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# 185: Haiti's president approves election law (fwd)


Haiti's president approves election law   04:04 p.m Jul 17, 1999 Eastern
 PORT-AU-PRINCE, July 17 (Reuters) - Haiti's president has approved a
controversial election law, moving the Caribbean nation one step closer
to holding its first elections in more than two years, local radio
stations said on Saturday. 
Haiti's last elections, for legislative and municipal posts, were
held in April 1997. Fraught with irregularities, they were widely    
considered fraudulent, and the winners never took office. The Lavalas
Family, the party of former President Jean Bertrand Aristide, won two
Senate seats in the contested elections and has continued to claim
them.  Haiti's independent nine-member election council, which has
the     authority to decide on election disagreements, never
ruled        directly on the validity of the 1997 election results. But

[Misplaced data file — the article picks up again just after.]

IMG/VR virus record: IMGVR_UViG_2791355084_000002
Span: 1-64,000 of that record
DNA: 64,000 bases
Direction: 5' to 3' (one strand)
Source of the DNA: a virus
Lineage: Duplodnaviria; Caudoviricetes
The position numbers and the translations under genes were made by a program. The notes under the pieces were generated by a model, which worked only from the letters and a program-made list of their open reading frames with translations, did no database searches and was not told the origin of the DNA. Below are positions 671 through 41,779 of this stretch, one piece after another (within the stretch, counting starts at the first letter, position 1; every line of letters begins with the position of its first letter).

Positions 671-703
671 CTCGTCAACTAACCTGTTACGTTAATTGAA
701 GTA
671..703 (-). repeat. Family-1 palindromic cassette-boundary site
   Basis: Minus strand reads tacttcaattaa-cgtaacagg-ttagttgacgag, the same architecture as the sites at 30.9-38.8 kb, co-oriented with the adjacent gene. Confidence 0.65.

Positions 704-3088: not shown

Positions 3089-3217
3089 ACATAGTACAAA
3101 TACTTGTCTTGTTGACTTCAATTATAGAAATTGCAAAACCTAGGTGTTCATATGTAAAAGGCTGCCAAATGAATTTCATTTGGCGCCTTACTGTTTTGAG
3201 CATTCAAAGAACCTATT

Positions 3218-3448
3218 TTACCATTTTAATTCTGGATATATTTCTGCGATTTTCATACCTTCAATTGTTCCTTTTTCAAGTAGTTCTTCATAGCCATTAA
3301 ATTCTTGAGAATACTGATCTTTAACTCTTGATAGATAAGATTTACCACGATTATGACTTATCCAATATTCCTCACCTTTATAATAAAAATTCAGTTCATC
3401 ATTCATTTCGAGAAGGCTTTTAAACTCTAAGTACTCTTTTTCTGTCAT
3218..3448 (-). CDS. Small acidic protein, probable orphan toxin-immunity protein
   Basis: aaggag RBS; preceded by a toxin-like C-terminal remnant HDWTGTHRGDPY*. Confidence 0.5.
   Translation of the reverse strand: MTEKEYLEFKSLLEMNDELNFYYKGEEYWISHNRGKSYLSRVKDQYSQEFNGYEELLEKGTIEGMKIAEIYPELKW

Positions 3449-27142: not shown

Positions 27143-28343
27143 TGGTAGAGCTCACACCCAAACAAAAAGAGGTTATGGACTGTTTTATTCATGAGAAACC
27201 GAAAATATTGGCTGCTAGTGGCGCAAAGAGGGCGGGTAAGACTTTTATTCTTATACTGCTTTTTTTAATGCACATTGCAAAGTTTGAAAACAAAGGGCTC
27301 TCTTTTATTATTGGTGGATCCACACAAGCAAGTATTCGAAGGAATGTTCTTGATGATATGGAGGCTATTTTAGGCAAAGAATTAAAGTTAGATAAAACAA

the council's newly drafted election law, which President Rene Preval
signed late on Friday, says the next elections will fill all seats in
the Chamber of Deputies and 19 empty Senate seats, not 17, as would have
been the case if the 1997 results had been validated. Observers had
feared that Preval, who was Aristide's protege and who is closely allied
to the Lavalas Family, would not sign the law. The elections are
tentatively scheduled for November and December. The law must be printed
in the nation's official journal before the electoral process can
unfold. Officials said they expected the law to be published
shortly.         Haiti has been without a parliament since January, and
the         stalemate has held up more than $500 million in
international aid to the Western Hemisphere's poorest nation, according
to the United Nations.